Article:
The same two were forever in trouble with the law, nothing major but offences like no taillights, no tax, bald tyres etc. Justice Cyril Maguire was sitting in Abbeyfeale Court House at that time and was getting fed up with hearing the boys excuses. One day they were back before him but this time it was for not paying the fines he had imposed on them in the past. He decided to teach them a lesson and gave them a month in jail. A local taxi was called and they were taken, not to Limerick jail which was crowded at the time, but to Portlaoise. They were dropped at the door of the jail and as soon as they were admitted the taxi took off. After being processed they were informed that there was no room for them and they were free to return home. “We can’t go home”, one of them declared, “we have no money and it is a long way to Abbeyfeale”. After some time an official approached and gave them the price of the train to Limerick and the bus from there to Abbeyfeale. The two boys were delighted, in fact they were so pleased with the outcome that they decided to celebrate in a local hostelry in Portlaoise before getting the train which was not due for another hour and a half anyway. In the bar they struck up conversation with local replicas of themselves who had great sympathy for them when they heard their story. Time flew by and the time for the train came and went. A sing-song followed and soon it was closing time and they had no place to go and no money in their pockets. They were, as Eamon Kelly used to say, in a pucker, but after much debating and weighing up of options they finally agreed on a course of action. Imagine the surprise of the official in charge at Portlaoise when , at 12.30am, he discovered two dishevelled Abbeyfeale men, knocking on the door of the jail, asking for lodgings for the night! The following day they were escorted to the train and put on board and eventually returned home. Cyril Maguire never realised how much he was costing the state when he handed down that sentence
Domhnall de Barra
Old Movie Reels Of Glin from the archives of the late Fr Denis Browne RIP. Wonderful Article about Fr. Browne on his time in Glin, written by Margaret Sweeney of Lr Main St Glin.
Posted on 03/09/2016 by glinnews
Fr. Denis Browne, by Margaret Sweeney of Lr Main St Glin and Dublin.
It is with a great sense of fondness and a deep sense of gratitude and privilege that we recall the wonderful memories that the name Fr. Denis Browne evokes.
Fr. Browne arrived in Glin in his beloved red volkswagon, together with the gentle, smiling housekeeper Mary Anne and his playful happy dog Trixie. Very quickly both children and adults alike knew we were lucky to have been gifted this special human being and priest. In his own quiet yet friendly way he became the very core of the parish, ministering to the elderly with a kind of care and compassion that was exemplary yet understated, getting to know the strengths and needs of his parishioners and helping the youth to blossom and share experiences that were the stuff of dreams back then.
Being in the latter group at that time we felt the luckiest of all. Our summers were filled with the thrill of packing anything up to 12 small children into the volks (pre “health and safety” !!) during the school holidays and heading off to Banna strand, his beloved Béal, an odd time Ballybunion (which was full of undesirable and costly distractions like bumpercars and candyfloss) and sometimes as far as exotic Inch on the Dingle peninsula. We would spend the day swimming, playing in the sand, racing up and down the length of the beach and feast on sand and tomato sandwiches!! Oh the joy of it all. The journeys were always shortened by the variety of “in house” entertainment as we sang our way to our destinations, told jokes, solved riddles and chatted the carefree chat of childhood. And Fr. Browne himself would often join in with a gloriously out of tune rendition of a Johnny Cash song or his own version of a whistled tune from James Last. Bliss.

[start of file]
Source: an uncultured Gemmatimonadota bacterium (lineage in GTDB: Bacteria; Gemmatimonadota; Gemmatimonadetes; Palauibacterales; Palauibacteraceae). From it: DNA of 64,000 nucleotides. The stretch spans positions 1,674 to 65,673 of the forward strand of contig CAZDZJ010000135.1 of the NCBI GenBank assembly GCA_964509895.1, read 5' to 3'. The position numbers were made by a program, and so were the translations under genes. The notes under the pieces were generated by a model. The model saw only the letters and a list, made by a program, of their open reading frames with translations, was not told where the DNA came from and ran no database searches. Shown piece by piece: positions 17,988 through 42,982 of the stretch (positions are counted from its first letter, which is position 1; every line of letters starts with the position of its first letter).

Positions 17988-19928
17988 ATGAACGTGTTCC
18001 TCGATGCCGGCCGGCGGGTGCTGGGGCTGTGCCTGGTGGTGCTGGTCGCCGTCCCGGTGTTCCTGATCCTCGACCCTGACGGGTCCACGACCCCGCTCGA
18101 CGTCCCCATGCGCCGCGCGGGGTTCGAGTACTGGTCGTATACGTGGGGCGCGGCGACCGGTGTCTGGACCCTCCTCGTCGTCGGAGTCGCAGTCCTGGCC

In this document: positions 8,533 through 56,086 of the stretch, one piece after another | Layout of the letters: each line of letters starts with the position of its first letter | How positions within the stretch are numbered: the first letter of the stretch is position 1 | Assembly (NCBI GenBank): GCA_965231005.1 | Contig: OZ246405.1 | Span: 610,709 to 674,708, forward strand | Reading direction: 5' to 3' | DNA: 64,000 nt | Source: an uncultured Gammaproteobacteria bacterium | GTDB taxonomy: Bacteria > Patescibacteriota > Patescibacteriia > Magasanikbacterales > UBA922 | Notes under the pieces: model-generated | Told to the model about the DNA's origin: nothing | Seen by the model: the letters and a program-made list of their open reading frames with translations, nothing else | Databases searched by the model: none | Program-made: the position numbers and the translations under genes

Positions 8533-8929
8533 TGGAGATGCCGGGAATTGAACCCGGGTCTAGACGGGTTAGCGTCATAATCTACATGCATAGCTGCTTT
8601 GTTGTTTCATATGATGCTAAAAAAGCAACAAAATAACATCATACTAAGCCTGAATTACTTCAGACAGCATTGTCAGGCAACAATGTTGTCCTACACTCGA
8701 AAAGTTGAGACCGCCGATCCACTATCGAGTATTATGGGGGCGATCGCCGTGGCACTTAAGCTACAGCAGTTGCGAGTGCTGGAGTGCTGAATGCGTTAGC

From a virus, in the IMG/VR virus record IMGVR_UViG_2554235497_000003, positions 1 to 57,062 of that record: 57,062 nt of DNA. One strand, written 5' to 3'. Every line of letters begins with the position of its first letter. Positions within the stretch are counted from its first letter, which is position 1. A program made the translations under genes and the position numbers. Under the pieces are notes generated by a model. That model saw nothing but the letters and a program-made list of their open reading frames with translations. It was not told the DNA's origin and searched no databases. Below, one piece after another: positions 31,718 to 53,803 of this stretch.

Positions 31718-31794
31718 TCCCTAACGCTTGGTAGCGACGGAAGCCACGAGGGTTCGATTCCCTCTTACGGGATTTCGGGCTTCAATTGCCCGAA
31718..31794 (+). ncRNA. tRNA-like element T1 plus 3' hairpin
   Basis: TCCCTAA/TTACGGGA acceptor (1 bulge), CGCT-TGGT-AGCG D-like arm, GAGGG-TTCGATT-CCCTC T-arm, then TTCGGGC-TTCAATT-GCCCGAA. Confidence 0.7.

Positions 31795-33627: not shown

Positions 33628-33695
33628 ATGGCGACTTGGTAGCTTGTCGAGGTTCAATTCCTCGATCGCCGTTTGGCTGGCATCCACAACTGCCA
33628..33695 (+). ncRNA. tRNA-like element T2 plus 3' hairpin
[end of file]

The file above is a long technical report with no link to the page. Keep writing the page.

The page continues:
Very soon word spread, numbers grew and the need for a bigger mode of transport arrived to carry his motley crew on their trips. We could not believe our eyes when we saw the minibus complete with an amazing rolltop roof. This was the stuff of movies, beyond our wildest dreams. It hardly dawned on us to ask where or how he got it, but he did tell us that himself and a Fr. McNamee in Limerick city bought it to share….I don’t ever remember it not being at our disposal so I suppose the city crew managed without. There was no stopping us now and by the time many of us had finished primary school we had travelled the country, from the top of Torc Waterfall outside Killarney to the most northerly tip of Donegal, Malin Head. We explored the Burren, climbed Galty Mór, swam in Salthill, visited Yeats’ grave at Drumcliffe. We made headlines when we had the excitement of being stranded on Scattery Island on the day of the Munster final and had to be rescued by a pilot boat from Foynes. We got to know our country, to love our heritage, to explore our talents, all while having the very best of fun.
The discovery and development of talents was another wonder to behold. Fr. Browne loved his camera and big reel projector, and perfecting his skills as a not so serious moviemaker filled many a pleasant hour for him. Filming the local festival’s fancy dress parade or cows chewing the cud on Meade’s Hill (sometimes speeded up or slowed down to match the carefully chosen, accompanying music) gave him an enormous sense of fun, satisfaction and pleasure. His converted garage became the cinema where we watched ourselves on big screen, where changes to the village were recorded when such things as the triangle at the bottom of the town was given a facelift, where evidence of Mr. Bill cycling across the Shannon estuary to Clare on his specially adapted bike could be seen again and again. Who needed Hollywood in those great days! We had Fr. Browne!